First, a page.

DOKKODO - Terao Magonojo - Genshin - Shoho (1645) Gogatsu 12 (May 12th) Shinmen Musashi

 

Within the writings of Miyamoto Musashi creator of The Niten Ichi Ryu,we always find the Hyoho Sanjukajo (35 notes)

The Gorin-no-sho (Writings of the Five Elements) was written based on the Hyoho Sanjugokajo.


Dokkodo is actual fact a shorter version of Hyoho Sanjukajo and Gorin-no-sho and it contains all the meanings of method and philosophy of these writings. In the past, The writer
Kan Kikuchi and Noaki Sanjugo discussed and had a disagreement over the matter of Miyamoto Musashi. Kikuchi’s comments on Musashi were, Amongst politicians, scholars and martial officers, how many people are like Musashi. I personally respect and nominate Musashi, as the number one swordsman. I also believe him to be a person foremost in general affairs. To me Musashi is an expert in human behaviour and sword saint. As to his qualities as a human being he was one of the great artists and philosophers. He was also a great calligrapher. He was a person of such character that he should be regarded as a Human National Treasure.

Another writer Ryotaro Shiba stated wrote a book called Shisetsu Miyamoto Musashi (The true story of Miyamoto Musashi). He wrote, how the great Musashi’s sculpture, painting, philosophy and logic stands out loud and clear. The best three nominations for famous writings before the Meiji era were the Gorin-no-sho. Tanni-sho - Notes lamenting differences and Hakkutsu-no-Gobunsho - Stories of a Skeleton.

There is no authors name in any of the Tanni-sho texts. The problem of authorship has concerned scholars of Shin Buddhism for centuries. Several different opinions suggest three possible authors: Nyoshin (1239-1300) Kakunyo (1270-1351) or Yuien (Direct disciple of Shinran).

Musashi sensei's Gorin-no-sho has been acclaimed as a highly advanced writing equal to the sacredness of Buddhism. This signifies that Gorin-no-sho is not only a martial text but is quite adequate as a Buddhist evaluation. It counterparts Tann-i-sho and Hakkotsu-no-gobunsho. This is the reason why Kan Kikuchi declared Musashi as one of the greatest philosophers in history.

 

To study Dokkodo, and comprehend is meaning and quality, it is necessary to understand the awakening of the heart which is written at the beginning of Gorin-no-sho. According to writings in the Niten-Ki, Musashi had been taken ill and was receiving treatment at his residence which was within Chiba Jo (castle). On the 12th May in the year of Shoho (1645), seven days before he passed away he presented certain articles to close friends and followers. He asked these close friends to employ students who had no work to give them security. He then completed writing Dokkodo without fear or hesitation, with a clean, clear mind. In the historical document Niten-Ki there are nineteen phrases. Two more as written in Dokkodo are missing.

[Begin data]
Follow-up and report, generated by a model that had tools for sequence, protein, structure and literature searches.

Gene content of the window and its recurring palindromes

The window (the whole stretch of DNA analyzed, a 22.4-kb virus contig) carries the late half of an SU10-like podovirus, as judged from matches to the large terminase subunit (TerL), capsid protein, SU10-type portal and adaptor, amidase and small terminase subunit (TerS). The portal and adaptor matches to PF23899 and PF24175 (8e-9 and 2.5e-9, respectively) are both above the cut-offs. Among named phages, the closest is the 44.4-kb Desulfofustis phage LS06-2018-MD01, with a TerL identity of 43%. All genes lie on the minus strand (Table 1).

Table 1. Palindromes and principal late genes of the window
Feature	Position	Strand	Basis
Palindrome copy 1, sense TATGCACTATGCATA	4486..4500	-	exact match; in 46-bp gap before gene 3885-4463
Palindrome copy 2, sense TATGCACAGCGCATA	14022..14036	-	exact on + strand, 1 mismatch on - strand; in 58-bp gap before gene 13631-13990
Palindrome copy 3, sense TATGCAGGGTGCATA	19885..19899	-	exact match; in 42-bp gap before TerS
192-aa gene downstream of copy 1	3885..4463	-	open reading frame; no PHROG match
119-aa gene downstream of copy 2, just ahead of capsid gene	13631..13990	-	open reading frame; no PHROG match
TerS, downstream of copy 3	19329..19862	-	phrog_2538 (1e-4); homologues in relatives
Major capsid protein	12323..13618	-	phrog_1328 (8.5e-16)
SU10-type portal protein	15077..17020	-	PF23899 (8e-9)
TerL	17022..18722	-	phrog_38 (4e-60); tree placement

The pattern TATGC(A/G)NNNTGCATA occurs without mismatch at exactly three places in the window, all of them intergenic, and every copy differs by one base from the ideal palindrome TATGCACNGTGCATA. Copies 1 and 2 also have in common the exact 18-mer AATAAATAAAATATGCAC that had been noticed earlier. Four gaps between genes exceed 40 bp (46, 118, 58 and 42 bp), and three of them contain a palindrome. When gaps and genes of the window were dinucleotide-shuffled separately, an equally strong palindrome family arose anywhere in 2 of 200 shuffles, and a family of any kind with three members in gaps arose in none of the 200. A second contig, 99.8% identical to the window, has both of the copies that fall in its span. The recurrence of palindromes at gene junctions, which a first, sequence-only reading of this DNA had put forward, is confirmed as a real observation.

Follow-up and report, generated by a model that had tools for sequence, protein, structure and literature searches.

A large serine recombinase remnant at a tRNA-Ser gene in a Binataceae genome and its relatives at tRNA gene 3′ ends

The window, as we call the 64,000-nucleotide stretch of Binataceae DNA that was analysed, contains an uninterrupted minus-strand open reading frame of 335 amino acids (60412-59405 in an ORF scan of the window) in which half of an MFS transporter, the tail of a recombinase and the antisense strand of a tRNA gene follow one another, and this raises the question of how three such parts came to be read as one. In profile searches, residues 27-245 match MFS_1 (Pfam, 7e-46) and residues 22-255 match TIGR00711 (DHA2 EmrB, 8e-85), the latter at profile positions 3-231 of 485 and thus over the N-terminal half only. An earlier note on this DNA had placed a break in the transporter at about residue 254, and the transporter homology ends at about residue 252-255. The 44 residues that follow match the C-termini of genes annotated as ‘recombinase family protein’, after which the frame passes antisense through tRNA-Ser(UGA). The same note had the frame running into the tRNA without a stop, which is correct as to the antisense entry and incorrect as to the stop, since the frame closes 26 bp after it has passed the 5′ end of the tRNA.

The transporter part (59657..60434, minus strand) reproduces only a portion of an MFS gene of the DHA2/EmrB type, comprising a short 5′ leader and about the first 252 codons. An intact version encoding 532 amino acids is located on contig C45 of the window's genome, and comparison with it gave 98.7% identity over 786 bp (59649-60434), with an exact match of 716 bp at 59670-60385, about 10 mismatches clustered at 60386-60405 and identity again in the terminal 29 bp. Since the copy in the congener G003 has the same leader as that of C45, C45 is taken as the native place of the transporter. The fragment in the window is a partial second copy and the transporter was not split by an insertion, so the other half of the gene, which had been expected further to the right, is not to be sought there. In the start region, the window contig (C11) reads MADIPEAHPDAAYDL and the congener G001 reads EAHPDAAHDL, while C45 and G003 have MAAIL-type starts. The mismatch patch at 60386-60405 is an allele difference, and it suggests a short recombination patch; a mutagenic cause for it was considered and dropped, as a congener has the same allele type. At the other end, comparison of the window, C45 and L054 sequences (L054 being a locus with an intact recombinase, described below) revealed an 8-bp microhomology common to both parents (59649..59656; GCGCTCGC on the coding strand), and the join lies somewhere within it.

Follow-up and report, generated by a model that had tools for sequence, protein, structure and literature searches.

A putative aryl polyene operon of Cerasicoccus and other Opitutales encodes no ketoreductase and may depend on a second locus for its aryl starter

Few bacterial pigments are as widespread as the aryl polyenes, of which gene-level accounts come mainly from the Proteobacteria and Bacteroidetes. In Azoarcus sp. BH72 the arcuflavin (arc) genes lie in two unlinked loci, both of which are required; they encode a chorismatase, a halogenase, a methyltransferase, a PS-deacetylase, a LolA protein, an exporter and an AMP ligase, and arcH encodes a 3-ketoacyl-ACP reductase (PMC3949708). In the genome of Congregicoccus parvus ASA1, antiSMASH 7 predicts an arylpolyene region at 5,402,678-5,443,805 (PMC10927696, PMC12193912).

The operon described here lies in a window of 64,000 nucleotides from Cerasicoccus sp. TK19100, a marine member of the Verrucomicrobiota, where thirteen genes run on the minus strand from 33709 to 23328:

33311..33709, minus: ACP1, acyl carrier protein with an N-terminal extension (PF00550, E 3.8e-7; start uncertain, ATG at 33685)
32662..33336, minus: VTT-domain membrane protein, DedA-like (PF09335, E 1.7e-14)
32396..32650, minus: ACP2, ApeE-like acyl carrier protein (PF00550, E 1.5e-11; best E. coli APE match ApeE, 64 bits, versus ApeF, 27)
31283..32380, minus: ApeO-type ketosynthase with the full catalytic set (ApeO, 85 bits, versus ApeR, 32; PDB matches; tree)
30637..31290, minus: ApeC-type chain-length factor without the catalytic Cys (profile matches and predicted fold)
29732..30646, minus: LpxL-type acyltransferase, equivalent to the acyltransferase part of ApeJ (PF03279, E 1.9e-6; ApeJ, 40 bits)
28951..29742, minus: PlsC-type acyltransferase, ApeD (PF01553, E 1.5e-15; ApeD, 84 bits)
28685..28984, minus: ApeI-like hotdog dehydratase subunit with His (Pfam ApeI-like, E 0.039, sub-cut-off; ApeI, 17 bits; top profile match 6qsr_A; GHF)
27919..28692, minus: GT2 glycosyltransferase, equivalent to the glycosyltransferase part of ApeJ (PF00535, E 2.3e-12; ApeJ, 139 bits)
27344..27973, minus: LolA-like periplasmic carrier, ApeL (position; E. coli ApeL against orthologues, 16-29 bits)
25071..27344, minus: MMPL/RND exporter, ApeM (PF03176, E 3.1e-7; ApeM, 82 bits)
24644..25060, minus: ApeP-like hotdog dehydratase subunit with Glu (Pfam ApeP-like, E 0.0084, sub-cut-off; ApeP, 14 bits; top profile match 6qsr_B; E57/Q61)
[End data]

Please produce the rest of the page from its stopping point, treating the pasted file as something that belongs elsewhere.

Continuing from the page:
Mi o asaku omoi, yo wo fukau omou
(see number four)


Mi o sutetemo myori wa sutezu.


The Niten-Ki is dated 12th May Shoho (1645), is signed
Shinmen Musashi Gensai but has no forwarding address. In the original Dokkodo document there are twenty one phrases. This in fact was the only document left by Musashi. It was addressed to his lineal student Magonojo Terao and is esoteric in intimating to students how they should go about studying and investigating in their lives.


Dokkodo was written and left as a message to future followers. The message within is dependent upon the individual readers own level of understanding. Musashi was a great philosopher, National Human Treasure and an enlightened individual. The twenty-one phrases are structured in order of superiority with a quality equal to the famous Tanni-sho. Between the first paragraph Yoyo no Michiwo Somukukoto Nashi; In no way should one act contrary to the great future you have before you.

 

The last, Tsuneni Hyoho no michi o Hanarazu: Never part from the way of strategy, is contained the will which Musashi wanted to hand on to his followers before he passed on.

Yoyo no michiwo somukukoto nashi - In no way should one act contrary to the great future you have before you.

 

: Mi ni tanoshimi o takamazu - Dont Try and look for an easy life.

 

Yorozu ni iko no kokoro nashi - Don’t harbor a prejudice or have an attitude about everything.

 

Iko no kokoro nashi also means Satto jizai. Satto means one’s homeland or motherland. The possibility effortless birth.

Mi o asaku omoi yo o fu kaku omou - Consider your superficiality and have profound thoughts for others.

Waga koto ni oite kokai wo sezu. Never have regrets about oneself.

Zen aku ni ta wo netamu kokoro nashi - There should be no mind of enviousness in right or wrong.

Sozen to wa soto gawa kara mieru:

Means, 'When I look at people I am disturbed by them and am envious.'

Izure no michi nimo wakare wo kanashimazu - Never have a mind of adherence and attachment to all things.

 

Jitatomoni Urami Kakotsu Kokoronashi - There should be no thought of bearing a grudge against each other.

 

Rembo no michi omoi kokoro nashi - There is no time for thinking of romance.

 

Mono goto ni suki konomu koto nashi - There should be no likes and dislikes.

 

Shitaku ni oite nosomu kokoro nashi - Do no harbor a heart for keeping a residence.

 

Mi hitotsuni bishoku wo konomazu - Likes and dislikes of sustenance.

 

Dai mono naru furuki dogu shojisezu - Never let future generations have an attachment to weapons.

 

Issho no aida yokoshin omoazu - Forget about human desire

Path leading to Reigando - Alexander Bradshaw 2005

 

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Hyakutake-Watkin ©1992